Since April 2016, housing associations have been required to cut rents by 1% per year.
The new legislation, entitled the Welfare Reform and Work Act 2016, requires that registered providers of social housing in England reduce rents for 4 years, and comply with maximum rent requirements for new tenancies.
By 2019-20 social rents will be 12% lower than they would have been before this new policy was introduced, according to the Institute for Fiscal Studies.
At the same time, the cost of compliance with new regulations – like the incoming General Data Protection Regulation (GDPR) – means housing associations are under pressure to do more with less.
So, with increasing pressure on budgets and reducing rents, what steps can housing associations take to relieve the pressures on their finances?
Improving the purchasing process
Budgets have an important part to play in cost control. Early recognition of problems is essential for corrective actions to be timely and effective. Purchase order processing (POP) systems that provide budget holders visibility to the consequences of their actions – at the point they make a spending commitment – are far superior.
This is particularly true when it comes to cost control and management agility.
Historically the problem with purchase order systems has been that they have not been user friendly, so those who have avoided using them have had an excuse not to.
Simplifying and streamlining the user experience
It is important that any purchase platform is as simple as possible to use. Employees are far more likely to engage with the system if requests for purchases resemble the user experience in their consumer lives with ‘point and click’ functionality.
Digital technology like POP systems, which enable the budget holder to view the housing association’s financial position against a budget in real-time, and simplify the purchase order creation, can result in touchless processing once the goods or services have been received.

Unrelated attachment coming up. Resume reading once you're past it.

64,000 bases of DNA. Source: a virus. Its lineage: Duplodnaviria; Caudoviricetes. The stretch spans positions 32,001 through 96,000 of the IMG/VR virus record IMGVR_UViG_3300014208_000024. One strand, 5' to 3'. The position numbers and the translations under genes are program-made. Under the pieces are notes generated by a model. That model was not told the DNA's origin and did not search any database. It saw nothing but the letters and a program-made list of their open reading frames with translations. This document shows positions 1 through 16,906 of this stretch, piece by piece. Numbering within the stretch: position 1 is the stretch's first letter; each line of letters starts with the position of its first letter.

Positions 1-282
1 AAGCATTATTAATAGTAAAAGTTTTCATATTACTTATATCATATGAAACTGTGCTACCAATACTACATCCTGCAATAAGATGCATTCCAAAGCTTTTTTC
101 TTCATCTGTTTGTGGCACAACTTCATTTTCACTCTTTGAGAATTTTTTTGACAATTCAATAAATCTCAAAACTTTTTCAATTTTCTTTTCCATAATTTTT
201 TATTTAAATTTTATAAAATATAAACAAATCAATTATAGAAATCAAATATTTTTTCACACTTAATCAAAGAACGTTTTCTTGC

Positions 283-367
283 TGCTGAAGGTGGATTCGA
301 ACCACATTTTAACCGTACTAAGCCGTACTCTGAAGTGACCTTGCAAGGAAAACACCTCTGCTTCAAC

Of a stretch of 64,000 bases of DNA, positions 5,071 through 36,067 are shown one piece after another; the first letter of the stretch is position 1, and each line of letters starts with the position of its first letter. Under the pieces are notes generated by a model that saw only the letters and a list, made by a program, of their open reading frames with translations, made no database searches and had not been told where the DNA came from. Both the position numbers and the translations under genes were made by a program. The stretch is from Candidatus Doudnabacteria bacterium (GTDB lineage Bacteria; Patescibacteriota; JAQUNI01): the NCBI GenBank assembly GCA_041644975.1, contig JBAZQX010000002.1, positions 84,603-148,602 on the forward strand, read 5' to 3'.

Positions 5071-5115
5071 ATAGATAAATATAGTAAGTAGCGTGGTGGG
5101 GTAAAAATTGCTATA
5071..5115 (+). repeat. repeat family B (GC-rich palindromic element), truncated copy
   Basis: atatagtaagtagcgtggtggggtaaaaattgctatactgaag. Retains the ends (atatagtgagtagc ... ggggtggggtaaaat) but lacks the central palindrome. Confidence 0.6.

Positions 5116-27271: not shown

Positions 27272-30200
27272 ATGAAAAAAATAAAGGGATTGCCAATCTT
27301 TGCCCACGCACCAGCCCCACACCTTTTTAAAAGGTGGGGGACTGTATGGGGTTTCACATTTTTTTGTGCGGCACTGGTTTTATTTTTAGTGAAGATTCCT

These POP systems allow the electronic capture of invoices on receipt from suppliers and automatic matching to proof of receipt and invoice values. Supplier invoices that match can pass through automatically, while human intervention is only required when discrepancies arise.
These transactional processes allow improvement in efficiency with no loss of control, as safeguards and monitoring have been brought forward to the point of purchase.
Direct and indirect benefits
The direct benefit to businesses of introducing a POP system is the reduction in time spent processing transactions, and the significant improvement in processing time, with invoices processed in days rather than weeks.
The indirect benefits derive both from faster processing and the improved visibility and control provided by the POP system.
Faster processing ensures that transactions are already on the ledger at month end.
It also improves the visibility of purchases, while highlighting those goods received without an invoice, making it easier to process those accruals.
The controls provided by a POP system include full audit trails from requisition to payment, so management and auditors are given greater assurance that the process is complete and accurate, and this visibility reduces both management time and audit costs.
Cash flow, planning and forecasting
Housing associations are not for profit, and any reduction in income can cause an immediate and serious strain on cash flow.
Cash flow planning and forecasting is therefore critical, and the visibility of future cash commitments at the point of purchase allows control against budgets and plans, and facilitates reliable cash flow forecasting.
North West based housing association, Adactus, is one example of an association which successfully implemented a POP solution to create more robust controls over spending across multiple departments.
Prior to bringing in a POP system, Adactus had continued with a manual operation which was leading to long delays in processing invoices.
Using the new solution, the housing association is more in control of spending across departments, increasing transparency and accountability in the process.
It is highly unlikely, at least in the short term, that expenditure budgets for HA’s are going to increase and so they must continue to plan to achieve more with less. A POP system that improves, efficiency, visibility and control over the purchasing process can play an important part in helping them achieve this.